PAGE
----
The Seattle years of 1971-1986 were filled with making art and being active members of the community. When asked to compare Seattle with the life they left behind, they both said that art creates a community. Just as in New York, they were able to find their place in the Seattle arts community. They were active members both of the University community and the community at large. They worked with local civic organizations like the Urban League, and the Seattle chapter of Links. Gwendolyn served on the King County Arts Commission and Jacob on the Washington State Arts Commission. Together they also clocked in hundreds of hours on countless panels and juries, locally, regionally, and nationally.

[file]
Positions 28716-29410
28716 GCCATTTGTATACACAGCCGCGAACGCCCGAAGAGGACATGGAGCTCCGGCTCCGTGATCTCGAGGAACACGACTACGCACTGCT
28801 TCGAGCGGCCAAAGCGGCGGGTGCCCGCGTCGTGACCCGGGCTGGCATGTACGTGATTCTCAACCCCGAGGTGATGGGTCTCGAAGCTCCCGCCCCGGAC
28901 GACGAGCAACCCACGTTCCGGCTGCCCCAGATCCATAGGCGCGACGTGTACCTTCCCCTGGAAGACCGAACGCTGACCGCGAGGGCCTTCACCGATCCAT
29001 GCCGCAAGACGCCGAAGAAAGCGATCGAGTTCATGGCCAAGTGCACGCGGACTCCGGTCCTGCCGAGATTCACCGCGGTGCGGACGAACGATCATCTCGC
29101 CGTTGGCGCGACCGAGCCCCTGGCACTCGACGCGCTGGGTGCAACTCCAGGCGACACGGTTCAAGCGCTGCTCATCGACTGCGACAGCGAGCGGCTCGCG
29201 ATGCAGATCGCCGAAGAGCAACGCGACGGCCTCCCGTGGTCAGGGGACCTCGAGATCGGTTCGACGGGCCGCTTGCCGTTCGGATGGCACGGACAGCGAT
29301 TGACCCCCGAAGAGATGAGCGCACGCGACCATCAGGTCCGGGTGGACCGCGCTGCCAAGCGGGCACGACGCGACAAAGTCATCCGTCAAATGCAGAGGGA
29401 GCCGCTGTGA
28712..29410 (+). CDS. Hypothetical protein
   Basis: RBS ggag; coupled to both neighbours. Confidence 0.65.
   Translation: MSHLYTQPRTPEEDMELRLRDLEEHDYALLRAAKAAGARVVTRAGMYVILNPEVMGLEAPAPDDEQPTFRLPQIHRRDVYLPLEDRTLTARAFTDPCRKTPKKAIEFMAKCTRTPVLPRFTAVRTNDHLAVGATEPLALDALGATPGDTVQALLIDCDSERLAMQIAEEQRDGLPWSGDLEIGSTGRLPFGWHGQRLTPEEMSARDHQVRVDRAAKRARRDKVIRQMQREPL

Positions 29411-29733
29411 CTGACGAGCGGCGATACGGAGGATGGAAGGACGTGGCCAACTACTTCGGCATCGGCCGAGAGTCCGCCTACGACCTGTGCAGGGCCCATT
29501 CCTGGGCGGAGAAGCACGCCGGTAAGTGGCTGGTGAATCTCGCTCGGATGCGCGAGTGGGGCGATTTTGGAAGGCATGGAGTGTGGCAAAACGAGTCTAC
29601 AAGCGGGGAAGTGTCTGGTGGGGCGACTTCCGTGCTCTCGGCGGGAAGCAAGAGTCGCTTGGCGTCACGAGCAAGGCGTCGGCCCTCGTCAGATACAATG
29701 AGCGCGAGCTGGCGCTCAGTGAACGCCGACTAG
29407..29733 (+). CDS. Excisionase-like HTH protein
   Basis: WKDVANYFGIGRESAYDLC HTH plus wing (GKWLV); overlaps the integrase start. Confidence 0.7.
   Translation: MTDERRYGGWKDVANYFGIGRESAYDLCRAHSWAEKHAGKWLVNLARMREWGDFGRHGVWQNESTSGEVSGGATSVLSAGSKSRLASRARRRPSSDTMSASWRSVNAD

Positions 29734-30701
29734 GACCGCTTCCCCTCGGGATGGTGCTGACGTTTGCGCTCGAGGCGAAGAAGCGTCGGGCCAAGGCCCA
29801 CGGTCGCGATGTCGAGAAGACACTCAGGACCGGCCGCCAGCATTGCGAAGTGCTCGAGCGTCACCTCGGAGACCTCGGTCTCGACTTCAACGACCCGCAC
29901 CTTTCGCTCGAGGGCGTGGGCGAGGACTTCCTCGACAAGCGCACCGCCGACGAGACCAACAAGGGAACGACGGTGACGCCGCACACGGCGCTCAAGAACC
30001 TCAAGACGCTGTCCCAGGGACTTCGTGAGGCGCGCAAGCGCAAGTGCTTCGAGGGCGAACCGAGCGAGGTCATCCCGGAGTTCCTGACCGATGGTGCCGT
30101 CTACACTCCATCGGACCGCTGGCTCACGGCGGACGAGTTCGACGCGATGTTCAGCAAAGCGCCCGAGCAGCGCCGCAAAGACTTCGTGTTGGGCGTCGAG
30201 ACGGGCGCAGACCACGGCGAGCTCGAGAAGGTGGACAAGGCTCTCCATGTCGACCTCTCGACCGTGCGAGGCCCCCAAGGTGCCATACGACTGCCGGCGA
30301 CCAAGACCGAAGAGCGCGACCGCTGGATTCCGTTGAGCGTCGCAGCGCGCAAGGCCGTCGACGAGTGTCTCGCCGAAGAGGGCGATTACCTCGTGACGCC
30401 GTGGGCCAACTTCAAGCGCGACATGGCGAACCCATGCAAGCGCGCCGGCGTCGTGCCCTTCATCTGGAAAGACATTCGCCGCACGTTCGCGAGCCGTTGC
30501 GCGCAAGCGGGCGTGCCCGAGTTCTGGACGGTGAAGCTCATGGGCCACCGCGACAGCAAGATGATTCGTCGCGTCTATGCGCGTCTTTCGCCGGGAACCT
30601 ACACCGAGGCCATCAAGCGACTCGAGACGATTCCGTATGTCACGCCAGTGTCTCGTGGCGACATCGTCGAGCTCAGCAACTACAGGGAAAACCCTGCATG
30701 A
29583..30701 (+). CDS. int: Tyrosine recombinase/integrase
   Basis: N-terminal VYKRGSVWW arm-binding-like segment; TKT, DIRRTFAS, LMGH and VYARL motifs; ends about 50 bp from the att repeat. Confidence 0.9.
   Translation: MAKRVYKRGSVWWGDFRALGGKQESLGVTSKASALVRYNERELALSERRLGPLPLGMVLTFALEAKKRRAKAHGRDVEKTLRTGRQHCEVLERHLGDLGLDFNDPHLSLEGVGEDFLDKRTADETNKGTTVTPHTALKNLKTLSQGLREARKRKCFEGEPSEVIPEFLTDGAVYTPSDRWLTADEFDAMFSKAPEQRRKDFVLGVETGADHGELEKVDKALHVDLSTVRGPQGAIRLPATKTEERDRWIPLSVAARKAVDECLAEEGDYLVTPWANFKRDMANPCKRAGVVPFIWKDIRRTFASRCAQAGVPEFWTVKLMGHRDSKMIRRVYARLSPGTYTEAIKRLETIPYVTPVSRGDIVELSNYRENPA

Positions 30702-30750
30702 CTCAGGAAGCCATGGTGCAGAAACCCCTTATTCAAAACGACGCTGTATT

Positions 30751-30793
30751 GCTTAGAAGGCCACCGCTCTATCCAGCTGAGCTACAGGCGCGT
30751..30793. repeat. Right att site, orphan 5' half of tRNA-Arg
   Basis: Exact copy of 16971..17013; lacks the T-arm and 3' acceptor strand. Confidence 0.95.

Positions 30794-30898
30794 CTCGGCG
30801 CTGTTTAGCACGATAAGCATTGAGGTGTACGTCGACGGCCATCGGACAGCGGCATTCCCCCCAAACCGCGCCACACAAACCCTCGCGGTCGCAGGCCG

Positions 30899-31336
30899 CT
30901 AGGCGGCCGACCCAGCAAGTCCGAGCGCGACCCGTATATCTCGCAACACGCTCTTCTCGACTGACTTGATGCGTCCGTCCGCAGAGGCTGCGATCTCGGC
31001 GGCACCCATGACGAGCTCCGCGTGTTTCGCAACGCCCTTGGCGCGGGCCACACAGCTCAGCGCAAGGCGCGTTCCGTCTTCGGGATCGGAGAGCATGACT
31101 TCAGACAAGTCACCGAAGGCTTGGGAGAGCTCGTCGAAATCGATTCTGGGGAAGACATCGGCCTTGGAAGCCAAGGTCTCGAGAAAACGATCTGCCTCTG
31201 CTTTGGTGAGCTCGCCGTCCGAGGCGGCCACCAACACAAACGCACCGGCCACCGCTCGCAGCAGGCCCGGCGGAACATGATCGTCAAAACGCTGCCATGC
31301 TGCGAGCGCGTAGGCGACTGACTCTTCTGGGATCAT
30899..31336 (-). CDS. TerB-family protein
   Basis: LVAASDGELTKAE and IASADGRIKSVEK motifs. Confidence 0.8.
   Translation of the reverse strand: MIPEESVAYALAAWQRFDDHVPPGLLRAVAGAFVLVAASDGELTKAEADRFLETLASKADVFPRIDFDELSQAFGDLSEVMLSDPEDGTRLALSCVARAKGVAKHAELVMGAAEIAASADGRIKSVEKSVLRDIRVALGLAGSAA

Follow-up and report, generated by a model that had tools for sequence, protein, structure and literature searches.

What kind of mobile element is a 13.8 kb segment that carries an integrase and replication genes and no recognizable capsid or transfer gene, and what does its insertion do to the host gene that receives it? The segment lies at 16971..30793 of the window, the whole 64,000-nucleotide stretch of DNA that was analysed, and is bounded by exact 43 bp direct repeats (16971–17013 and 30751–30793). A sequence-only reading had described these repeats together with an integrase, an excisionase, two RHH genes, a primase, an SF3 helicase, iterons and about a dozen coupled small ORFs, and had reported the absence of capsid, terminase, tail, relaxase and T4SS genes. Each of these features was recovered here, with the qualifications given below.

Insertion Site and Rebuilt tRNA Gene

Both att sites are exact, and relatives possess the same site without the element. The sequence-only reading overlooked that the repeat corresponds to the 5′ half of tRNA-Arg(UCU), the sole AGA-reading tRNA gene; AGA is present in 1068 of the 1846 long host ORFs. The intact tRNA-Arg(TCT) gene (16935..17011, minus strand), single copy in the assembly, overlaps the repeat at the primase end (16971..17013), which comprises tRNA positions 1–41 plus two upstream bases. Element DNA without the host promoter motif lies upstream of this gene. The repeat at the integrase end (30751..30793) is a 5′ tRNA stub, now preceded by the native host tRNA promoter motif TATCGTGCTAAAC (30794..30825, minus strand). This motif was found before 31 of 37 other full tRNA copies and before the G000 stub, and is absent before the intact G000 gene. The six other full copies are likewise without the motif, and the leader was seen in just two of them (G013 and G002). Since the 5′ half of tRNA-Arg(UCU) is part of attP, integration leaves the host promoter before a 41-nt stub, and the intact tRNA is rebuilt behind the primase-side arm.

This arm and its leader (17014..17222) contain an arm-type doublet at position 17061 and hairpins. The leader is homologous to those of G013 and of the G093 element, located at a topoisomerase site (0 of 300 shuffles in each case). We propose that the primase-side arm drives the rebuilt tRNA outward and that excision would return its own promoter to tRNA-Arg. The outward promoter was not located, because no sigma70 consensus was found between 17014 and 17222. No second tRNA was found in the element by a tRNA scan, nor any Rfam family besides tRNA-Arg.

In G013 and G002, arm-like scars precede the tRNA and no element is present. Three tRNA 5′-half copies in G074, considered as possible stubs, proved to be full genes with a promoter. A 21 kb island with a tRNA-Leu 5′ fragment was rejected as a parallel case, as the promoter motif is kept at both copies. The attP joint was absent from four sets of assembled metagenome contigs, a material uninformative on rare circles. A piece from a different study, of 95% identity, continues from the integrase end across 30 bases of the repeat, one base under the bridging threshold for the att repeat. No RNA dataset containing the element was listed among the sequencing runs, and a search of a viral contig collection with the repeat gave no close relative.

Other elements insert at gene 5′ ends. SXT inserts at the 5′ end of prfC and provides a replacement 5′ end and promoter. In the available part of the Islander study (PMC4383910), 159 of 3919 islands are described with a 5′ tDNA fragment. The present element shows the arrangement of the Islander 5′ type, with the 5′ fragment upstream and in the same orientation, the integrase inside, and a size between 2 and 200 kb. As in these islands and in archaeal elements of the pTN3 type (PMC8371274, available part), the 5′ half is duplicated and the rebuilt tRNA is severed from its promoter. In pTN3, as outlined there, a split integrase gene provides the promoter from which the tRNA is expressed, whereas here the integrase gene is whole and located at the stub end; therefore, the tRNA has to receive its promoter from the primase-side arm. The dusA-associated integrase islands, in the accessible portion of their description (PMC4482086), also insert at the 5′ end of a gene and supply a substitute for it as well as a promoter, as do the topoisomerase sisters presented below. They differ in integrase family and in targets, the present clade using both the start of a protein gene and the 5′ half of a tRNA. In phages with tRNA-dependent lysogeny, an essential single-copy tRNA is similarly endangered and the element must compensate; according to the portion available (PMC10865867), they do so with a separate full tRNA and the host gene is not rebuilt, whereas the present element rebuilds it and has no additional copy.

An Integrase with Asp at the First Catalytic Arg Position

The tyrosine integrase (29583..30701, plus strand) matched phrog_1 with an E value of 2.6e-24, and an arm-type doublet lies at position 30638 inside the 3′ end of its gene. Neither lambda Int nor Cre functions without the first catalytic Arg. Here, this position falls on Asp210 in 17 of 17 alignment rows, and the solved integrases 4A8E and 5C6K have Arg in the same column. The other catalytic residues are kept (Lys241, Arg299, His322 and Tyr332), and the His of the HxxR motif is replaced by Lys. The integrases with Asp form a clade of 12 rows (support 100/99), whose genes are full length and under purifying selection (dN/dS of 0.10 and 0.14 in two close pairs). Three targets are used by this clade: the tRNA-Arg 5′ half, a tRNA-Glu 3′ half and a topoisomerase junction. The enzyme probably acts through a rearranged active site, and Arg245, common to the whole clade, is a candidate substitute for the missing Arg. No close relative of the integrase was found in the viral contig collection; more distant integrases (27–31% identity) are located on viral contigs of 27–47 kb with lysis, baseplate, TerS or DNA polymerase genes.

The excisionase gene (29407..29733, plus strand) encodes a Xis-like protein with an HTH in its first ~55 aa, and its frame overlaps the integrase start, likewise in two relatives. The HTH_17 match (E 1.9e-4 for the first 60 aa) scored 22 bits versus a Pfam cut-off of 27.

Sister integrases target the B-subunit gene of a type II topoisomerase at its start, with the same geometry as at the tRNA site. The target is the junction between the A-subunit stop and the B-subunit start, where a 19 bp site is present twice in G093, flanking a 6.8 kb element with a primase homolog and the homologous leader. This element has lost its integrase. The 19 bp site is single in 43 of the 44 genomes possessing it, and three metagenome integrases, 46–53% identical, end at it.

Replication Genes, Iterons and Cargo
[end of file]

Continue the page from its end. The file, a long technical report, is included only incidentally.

And for Jacob there was also teaching at the University, an activity he loved. This proved to be a distinct benefit for the hundreds and hundreds of students who would have the good fortune to pass through classes under his tutelage, whether or not they went on into the world as working artists.
Jacob Lawrence was a lover of tools. The objects of everyday life -- hammers, saws, nails, wooden planks, and boards, he saw as a means to extend the body. He created compositions that honor the simple but necessary. Books, book carts, shelves, and readers are caught in the act of the unremarkable. Shoppers wander amid grocery carts, canned goods, produce, in rows where birds and flowers spring forth from the aisles. History comes alive. Our blights, misfortunes, and honors are captured and stilled. Slavery, slaves chased, caught, hung. War, bombs, the bombed, burned. The winner, the inaugurated, hailed, and heralded.